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Edward Sharpe and the Magnetic Zeros at the Biltmore Cabaret

Alex Ebert with Edward Sharpe and the Magnetic Zeros photo

Alex Ebert with Edward Sharpe and the Magnetic Zeros at the Biltmore Cabaret, Vancouver, Dec 8 2009. Jon Healy photo

Review and photos – Edward Sharpe and the Magnetic Zeros at the Biltmore Cabaret, Vancouver Dec 8 2009

– review by Graham Madden/photos by Jon Healy

After its first few songs, Local Natives asked the crowd to move a few steps closer and get rid of the semi circle vacancy in front of the stage; and rightly so. With the majority of the quintet donning mustaches clearly not left over from Movember, the four-part harmonies echoed flawlessly through the room, specifically in their cover of “Warning Sign”, an old Talking Heads song.

With a keyboardist who played a floor tom and crash cymbal with one hand and his synth with the other, the band’s energy only grew. Leading up to the climax, the band invited three members from fellow opener Fool’s Gold to add percussion. Shakers, tambourines, and instruments I don’t even know the names of being were tossed around the stage. This all led to a Rage Against the Machine-style headbanging riff in which the synchronicity of everyone on stage was just indescribable.

With the last beat, the crowd was left smiling – a hint of what was to come.

With the opening notes of a tenor sax and tribal drum beats, I felt like I was in a Bacardi commercial – you know, the ones with everyone dancing in a tropical club made of bamboo. It didn’t really matter that Fool’s Gold lead singer/bassist Luke Top was singing everything in Hebrew. The eight people packing the stage made it clear that this was about the music rather than a message.

Closing with “Nadine”, the crowd joined in the incredibly catchy melody that had been repeating as the music gradually got softer. With only the percussive instruments left, Top jumped off the stage and started dancing, while the crowd continued to repeat the melody.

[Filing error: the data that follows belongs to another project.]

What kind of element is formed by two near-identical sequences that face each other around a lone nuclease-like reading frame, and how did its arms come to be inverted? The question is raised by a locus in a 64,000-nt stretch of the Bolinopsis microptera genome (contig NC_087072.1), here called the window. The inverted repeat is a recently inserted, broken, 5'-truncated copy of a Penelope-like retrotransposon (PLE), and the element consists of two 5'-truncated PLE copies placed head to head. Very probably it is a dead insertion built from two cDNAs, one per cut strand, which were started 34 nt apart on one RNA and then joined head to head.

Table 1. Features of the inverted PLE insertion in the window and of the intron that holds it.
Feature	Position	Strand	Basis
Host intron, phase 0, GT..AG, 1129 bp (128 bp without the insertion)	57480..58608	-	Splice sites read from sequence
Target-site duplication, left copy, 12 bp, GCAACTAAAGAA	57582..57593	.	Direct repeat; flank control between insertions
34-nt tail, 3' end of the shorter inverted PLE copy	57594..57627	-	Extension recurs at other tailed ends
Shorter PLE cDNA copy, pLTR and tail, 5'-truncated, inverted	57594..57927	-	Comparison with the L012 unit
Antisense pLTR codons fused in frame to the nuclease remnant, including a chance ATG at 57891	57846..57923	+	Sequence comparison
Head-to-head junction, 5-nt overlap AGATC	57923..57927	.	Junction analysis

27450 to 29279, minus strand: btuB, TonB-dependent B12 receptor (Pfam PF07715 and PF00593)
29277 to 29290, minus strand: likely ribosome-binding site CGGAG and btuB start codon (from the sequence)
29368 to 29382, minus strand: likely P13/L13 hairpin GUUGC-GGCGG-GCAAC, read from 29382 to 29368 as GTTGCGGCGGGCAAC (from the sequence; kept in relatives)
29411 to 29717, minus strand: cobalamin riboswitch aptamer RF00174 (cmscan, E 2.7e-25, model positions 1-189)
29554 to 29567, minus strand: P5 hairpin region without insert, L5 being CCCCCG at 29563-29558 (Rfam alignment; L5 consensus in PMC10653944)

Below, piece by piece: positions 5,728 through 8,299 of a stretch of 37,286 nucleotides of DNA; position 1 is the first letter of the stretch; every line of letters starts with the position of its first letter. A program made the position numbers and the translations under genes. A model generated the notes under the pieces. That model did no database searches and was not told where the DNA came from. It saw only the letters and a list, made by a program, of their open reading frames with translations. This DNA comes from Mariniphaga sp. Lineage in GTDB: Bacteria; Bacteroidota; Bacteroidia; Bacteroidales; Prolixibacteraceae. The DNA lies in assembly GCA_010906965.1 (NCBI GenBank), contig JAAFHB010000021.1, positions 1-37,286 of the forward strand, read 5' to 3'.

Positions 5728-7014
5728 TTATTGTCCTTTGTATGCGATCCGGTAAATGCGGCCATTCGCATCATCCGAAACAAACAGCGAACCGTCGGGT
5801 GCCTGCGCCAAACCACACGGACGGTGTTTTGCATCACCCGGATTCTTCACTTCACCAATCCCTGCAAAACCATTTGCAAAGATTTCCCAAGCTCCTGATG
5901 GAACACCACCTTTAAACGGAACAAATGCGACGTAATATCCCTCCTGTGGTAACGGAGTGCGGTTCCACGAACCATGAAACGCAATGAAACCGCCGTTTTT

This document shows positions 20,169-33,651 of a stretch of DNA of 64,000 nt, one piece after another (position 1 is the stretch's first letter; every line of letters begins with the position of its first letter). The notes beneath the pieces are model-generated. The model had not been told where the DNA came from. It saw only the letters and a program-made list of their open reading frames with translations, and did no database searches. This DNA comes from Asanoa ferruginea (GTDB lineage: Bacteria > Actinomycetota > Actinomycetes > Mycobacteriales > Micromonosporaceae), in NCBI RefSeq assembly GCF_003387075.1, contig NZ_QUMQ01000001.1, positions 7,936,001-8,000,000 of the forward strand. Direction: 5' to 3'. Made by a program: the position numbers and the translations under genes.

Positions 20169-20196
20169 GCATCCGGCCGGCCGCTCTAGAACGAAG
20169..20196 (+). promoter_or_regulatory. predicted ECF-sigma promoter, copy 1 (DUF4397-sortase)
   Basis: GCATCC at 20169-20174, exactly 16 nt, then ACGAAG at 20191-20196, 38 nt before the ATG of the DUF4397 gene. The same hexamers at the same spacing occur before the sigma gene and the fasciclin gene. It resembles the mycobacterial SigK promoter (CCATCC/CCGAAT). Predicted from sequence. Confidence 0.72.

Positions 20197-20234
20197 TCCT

The rest of the band joined in on the floor, bringing shakers, floor toms, and giant tambourines into what now resembled a catwalk-runway opening in the sea of bodies. We are all still singing the melody when we realize that the band is done and gone. It is one thing to capture a crowd’s attention, but it’s another to have left the building and still have them playing your song. Edward Sharp and the Magnetic Zeros would have to have something big up their sleeves for an encore to beat that.

“I don’t mean to ignore you…but the floor’s just so beautiful,” mumbles lead singer Alex Ebert, a man with a mystical rock star presence about him. You just know who the boss is as he spastically jumps around the stage in a frantic, Jim James sort of fashion.

As the opening chords of “Janglin’” are strummed on a ukulele, the crowd erupts with the melodious vocal “mmm-bops”. Either everyone in the Biltmore was a drummer or it was just a good night for the tempo gods because the audience’s consistent handclaps were the metronome that drummer Josh Collazo played along to. The smooth voice of bashful Jade Castrinos started off the hit “Home” and ridiculous amounts of jumping ensued. Everyone was smiling, not sure whether to slow dance, headbang, or both.

The crowd was begging for more as Ebert told a story of how he once found a penny which had been printed with mirrored lettering. Excited about this rare find, he went online to look up the value of a backwards-printed penny, only to realize he was holding it upside down. And now it was time for the encore.

Ebert exclaimed they couldn’t really go backstage because, well, there isn’t one. “You’ll see us from where you are so we’re just going to go off the stage and come back on.” For the last song, Edward Sharpe and the Magnetic Zeros did something I thought was impossible: they got the entire audience to sit down on the sticky, beer-soaked, broken-glass covered Biltmore floor as they played an acoustic song with more people from the crowd actually sitting in a pow-wow on the stage.

And they had done it, each band topping the previous’ encore and leaving you with something that you’re going to remember longer than the wait in the coat check line. Now I have to go buy a giant tambourine.

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